Well, you could encase the smd part in foam on it's adapter PCB and run the wires to the PCB. That will give you some isolation from shock and also from temperature changes and air currents. This may turn out to be a blessing in disguise.
No, cut some foam into a compartment and close the chip & PCB inside. That is good enough for ovenized x-tal oscillators. Use flexible leads into it. Then, mount the little encapsulated assy inside. I'm trying to suggest something that is mostly COTS with minimal messing around for you.
When I am matching pairs of transistors, a foam cap does a wonderful job of keeping the two parts isolated from the outside environment - and that isn't even sealed. The most important thing is to have freedom from air currents, which this idea will give you. As a side benefit, you get a sealed space that can be kept at whatever temperature the heater (or a heater) will be set at. So a quiet voltage reference, coupled with a heater if it doesn't have one, gives you a stable temperature with no air currents to disturb your reference. Some of the better references, like the LTZ1000 has.
Other references with a heater are the http://www.linear.com/product/LM129 family and the LM129 family. For your 5V reference, you might have to use a voltage divider or a buffer with gain with the reference.
Some of the temperature compensated references are getting quite good also. If you keep one of those at a set temperature, it would be extremely stable.
So, what are the main reasons why you needed the metal can? I think Linear Technology has made the new products equal or better in performance. Not unless you need the LTZ1000 level of performance, and then you should probably just buy those. Expensive, I know. Just think of us poor Canadians looking at the exchange rate.
Thanks Chris, that's a pretty good explanation. I think I'm getting it now.
The reference ends up being a box within a box, i.e., case. Like we
see when we start taking apart better built gear.
When we open it up, we see another enclosure. So it's okay and I guess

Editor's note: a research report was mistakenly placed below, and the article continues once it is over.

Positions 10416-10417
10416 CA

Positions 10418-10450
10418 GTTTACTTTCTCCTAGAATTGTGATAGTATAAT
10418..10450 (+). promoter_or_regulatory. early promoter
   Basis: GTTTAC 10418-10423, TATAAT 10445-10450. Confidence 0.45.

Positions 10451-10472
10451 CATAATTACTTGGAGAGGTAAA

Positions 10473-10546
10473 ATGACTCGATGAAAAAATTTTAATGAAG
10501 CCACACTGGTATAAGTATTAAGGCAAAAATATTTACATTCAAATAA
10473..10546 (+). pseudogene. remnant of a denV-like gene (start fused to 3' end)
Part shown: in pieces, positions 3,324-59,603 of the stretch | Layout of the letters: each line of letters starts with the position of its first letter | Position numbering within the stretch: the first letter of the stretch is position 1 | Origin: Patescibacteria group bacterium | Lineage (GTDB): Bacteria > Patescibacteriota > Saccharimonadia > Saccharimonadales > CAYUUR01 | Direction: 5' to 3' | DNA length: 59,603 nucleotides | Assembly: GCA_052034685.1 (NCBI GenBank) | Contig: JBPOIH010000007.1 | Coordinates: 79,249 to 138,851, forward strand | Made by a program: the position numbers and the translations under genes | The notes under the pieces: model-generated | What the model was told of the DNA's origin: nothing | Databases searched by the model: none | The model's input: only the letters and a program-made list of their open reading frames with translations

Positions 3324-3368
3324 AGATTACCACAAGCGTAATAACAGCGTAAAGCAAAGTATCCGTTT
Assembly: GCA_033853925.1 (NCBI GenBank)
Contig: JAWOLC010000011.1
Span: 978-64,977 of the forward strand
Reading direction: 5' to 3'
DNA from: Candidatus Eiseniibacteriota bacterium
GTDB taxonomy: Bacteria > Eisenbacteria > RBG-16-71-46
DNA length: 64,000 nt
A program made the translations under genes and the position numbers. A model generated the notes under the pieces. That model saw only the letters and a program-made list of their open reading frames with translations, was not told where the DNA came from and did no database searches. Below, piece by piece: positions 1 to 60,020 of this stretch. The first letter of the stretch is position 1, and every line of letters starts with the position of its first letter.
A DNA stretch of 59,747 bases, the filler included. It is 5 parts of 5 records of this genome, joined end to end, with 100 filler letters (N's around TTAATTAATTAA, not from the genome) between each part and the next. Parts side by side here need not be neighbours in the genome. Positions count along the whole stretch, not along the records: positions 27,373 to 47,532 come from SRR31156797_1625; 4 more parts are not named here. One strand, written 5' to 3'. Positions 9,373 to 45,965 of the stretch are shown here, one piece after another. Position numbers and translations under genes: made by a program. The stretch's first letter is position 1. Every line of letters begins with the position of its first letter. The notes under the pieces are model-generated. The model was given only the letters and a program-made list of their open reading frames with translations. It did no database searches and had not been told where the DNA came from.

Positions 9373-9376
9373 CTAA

we should say mandatory that it doesn't have air currents/derating that circulate over the precision resistive and measurement components.
Will have to look into heaters, does a mini incandescent bulb fit the bill?
Thinking out loud here. Gotta run.
BTW - Please give an update on the new bench when you get the chance.
Yes, you have it. Yes, a light bulb makes a dandy heater. That's what they produce the most of, heat. Thinking aloud as well, maybe consider using the fuse type lamps. They are available in 6 and 12 volt types. The 12 volt ones are commonly 300 mA, which would make a really nice heater. Because the filament is stretched out straight, you get a larger heat radiating surface. A normal fuse clip, 1 1/4" by 1/4" size, will hold them fine. You want a distributed radiator so you avoid creating your own weather pattern inside that little box. Watch the temperature because some foam products will just fall apart with a little heat.
You could probably get away with sticking the lamp in with the chip and resistors so that everything is stable. You actually need some heat loss, but not too much. A single box should be all you need, lined with closed cell foam or made out of the stuff. If you use a cast Al box, surrounded with foam, you can also shield the circuit. Heat the box with the lamp and it will radiate evenly. Of course you could also use screw down resistors (to the case) and also mount the driver transistors. That way you get heat from everything. Free heat as this is what you actually want. You could also do what Agilent did with one of their ovenized 10 MHz reference oscillators. Just use transistors and use them as the heater. Mosfets might be better for this. Once you have a sensing element (varistor, diode, thermistor) near your circuit, use feedback to control the temperature. This takes some effort, but if you want a really high quality reference that is close to temperature immune, this is one way to do it. Make sure you limit the cold current to a safe level and reduce the heat output before it reached the set point. This will greatly reduce temperature oscillations. You want a proportional temperature controller, not a "bang - bang" type.